Laser Turns Liquid into Taylor-Made Scaffold
At first, the cells are suspended in a liquid, which mainly consists of water. Cell-friendly molecules are added, which react with light in a very special way: a focused laser beam breaks up double bonds at exactly the right places. A chemical chain reaction then causes the molecules to bond and create a polymer.
This reaction is only triggered when two laser photons are absorbed at the same time. Only within the focal point of the laser beam the density of photons is high enough for that. Material outside the focal point is not affected by the laser. "That is how we can define with unprecedented accuracy, at which points the molecules are supposed to bond and create a solid scaffold", explains Ovsianikov.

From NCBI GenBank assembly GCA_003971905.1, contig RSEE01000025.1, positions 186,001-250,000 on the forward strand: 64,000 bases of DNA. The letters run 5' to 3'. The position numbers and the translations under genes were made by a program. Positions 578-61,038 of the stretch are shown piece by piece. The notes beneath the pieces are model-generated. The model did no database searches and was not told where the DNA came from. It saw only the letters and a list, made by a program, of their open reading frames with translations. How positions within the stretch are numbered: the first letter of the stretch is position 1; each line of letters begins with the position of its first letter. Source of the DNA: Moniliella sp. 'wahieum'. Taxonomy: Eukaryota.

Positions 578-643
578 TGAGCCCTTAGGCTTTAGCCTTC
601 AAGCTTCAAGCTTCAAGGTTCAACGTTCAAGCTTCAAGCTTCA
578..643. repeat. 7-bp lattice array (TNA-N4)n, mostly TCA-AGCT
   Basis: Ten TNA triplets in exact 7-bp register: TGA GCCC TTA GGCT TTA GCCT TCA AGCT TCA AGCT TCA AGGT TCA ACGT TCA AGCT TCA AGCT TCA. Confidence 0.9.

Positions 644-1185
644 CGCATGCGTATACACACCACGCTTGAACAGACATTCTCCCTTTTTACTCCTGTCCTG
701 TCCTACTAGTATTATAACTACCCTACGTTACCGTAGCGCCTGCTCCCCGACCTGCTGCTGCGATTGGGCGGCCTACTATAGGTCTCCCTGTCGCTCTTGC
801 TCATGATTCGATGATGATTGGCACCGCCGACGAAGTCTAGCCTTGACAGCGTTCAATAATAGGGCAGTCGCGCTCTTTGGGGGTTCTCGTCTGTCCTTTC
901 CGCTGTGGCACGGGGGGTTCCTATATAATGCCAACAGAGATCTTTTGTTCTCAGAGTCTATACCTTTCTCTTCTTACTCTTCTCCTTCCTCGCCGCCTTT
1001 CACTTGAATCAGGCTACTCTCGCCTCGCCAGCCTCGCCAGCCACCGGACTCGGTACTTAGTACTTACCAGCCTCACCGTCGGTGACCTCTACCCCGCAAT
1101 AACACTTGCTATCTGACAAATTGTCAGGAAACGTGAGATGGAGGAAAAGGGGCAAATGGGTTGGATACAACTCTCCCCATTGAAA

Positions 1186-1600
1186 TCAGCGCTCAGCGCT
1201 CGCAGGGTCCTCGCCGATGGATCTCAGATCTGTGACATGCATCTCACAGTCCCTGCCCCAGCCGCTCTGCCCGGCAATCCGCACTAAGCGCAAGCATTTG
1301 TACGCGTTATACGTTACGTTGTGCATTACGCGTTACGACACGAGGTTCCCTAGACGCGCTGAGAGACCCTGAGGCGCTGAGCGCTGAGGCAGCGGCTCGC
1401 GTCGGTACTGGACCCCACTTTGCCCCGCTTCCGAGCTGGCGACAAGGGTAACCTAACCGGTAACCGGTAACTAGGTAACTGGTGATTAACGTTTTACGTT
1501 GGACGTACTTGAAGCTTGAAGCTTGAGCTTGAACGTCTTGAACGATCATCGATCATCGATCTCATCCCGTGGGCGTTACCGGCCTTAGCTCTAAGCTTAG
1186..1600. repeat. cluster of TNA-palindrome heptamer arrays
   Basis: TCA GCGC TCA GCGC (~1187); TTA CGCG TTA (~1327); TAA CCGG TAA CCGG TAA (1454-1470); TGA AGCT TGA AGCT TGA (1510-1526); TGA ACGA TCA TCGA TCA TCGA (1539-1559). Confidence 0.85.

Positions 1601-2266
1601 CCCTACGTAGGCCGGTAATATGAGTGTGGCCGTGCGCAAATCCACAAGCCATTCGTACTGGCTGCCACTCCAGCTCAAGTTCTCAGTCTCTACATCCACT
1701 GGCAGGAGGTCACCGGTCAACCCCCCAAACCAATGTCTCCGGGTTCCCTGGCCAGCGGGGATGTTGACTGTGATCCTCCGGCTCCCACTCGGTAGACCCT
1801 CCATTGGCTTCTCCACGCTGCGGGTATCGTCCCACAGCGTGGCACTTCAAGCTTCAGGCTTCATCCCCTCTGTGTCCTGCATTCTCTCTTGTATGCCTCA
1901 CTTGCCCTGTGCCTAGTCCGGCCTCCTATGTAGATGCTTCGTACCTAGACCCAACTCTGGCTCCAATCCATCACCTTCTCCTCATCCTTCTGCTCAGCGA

Guiding the focus of the laser beam through the liquid, a solid structure is created, in which living cells are incorporated. The surplus molecules which are not polymerized are simply washed away afterwards. This way, a hydrogel structure can be built, similar to the extracellular matrix which surrounds our own cells in living tissue. Ideas from nature are imitated in the lab and used for technological applications. This approach, called 'bio-mimetics' plays an increasingly important role, especially in materials science. Aleksandr Ovsianikov is confident that in many cases, this technology will render animal testing unnecessary and yield much quicker and more significant results.
Turning Stem Cells into Tissue
Stem cell research is a particularly interesting field of application for the new technology. "It is known that stem cells can turn into different kinds of tissue, depending on their environment", says Aleksandr Ovsianikov. "On top of a hard su
|Contact: Florian Aigner|
Vienna University of Technology